In last month’s news, Dr. Renee encouraged parents to begin doing cyber-duty and to take the cyber-pledge. This month, she discusses a creative way for parents to do cyber-duty on social networking sites.
Of concern to many parents is that their children might follow the ground rules spelled out in their cyber-pledge, while at home, but may not do so when they have access to electronic devices outside of their parents’ immediate sight. The good news is that social networking sites can be used to enhance a parent’s ability to do their “cyber-duty.” Here is a list of how to do this:
1) Parents should have a profile on the social networking sites that their kids are on. Have fun with it. Let your kids help you make your profile.
2) Parents and children should be “friends” on sites. Most of the time, kids will not be embarrassed by this, as they typically have so many friends on social networking sites that you as the parent won’t be recognized.
3) Engage as many parents as you know to join a network of cyber-parents who have taken the pledge. Engage parents in your neighborhood, school community, churches, etc. Meet, as parents who have taken the pledge, and discuss ground rules for alerting each other when inappropriateness has occurred on the social networking sites.
Some ground rules may be:
1) All parents must have a profile on the social networking site
2) All parents must be friends of their own children and friends of as many of their friends’ children as possible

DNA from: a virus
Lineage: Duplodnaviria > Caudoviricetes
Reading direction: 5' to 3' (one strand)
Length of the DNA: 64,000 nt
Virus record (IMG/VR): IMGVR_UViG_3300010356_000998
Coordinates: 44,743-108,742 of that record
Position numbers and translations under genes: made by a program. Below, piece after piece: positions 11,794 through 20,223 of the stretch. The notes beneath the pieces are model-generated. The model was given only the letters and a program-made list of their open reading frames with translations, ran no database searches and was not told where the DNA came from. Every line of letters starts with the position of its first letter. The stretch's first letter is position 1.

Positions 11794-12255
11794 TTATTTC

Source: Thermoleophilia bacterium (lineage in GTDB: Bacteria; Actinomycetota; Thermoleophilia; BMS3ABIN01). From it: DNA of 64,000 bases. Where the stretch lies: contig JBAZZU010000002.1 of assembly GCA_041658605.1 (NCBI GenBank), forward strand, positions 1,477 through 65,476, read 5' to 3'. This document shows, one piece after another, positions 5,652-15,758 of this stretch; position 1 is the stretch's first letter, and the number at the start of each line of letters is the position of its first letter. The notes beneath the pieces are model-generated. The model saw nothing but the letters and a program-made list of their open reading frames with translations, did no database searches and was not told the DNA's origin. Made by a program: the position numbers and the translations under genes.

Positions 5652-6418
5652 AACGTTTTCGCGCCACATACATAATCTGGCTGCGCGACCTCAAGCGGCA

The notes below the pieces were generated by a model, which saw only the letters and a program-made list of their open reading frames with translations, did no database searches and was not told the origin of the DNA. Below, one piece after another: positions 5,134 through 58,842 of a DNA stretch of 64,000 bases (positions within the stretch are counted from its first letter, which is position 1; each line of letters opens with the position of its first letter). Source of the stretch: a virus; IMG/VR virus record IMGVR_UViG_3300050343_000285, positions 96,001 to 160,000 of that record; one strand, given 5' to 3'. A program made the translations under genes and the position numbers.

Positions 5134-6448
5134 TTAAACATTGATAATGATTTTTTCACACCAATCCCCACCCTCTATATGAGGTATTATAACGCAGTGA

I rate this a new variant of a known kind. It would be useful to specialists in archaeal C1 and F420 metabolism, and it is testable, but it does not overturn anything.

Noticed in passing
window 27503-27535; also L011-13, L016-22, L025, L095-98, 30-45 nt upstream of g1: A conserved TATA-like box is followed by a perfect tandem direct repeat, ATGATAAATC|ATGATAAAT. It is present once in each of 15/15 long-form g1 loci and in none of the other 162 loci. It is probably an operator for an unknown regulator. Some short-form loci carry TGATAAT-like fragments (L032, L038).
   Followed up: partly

3) All parents in your group should friend each other on the social networking sites
4) All parents should surf the site at least once a day
5) Parents should devise ground rules as a group so that there are established rules governing appropriate behavior on social networking sites, that all group parents agree on AND have agreed to report to each other if one of the children disregards these rules.
6) Parents are responsible for alerting other parents (in a predetermined mode of communication) if their child has broken the ground rules
7) Parents must agree to disclose sensitive information about another parent’s child only to that specific parent, in a compassionate way
Although the above tips may seem like a lot of work, it is important for parents to remember that there is strength in numbers. For example, when many parents were children, their neighborhoods were relatively safe because the adults in the community watched over all of the children, in the neighborhood, not just their own. In fact, children were often disciplined by their neighbors. Such community involvement helped keep children safe when they were away from home. By creating cyber-communities amongst parents and children, parents can begin to make cyberspace a safer place for kids to hang out. The more parents, children, and friends that are connected on social networking sites, the easier it becomes for parents to do their “cyber-duty.”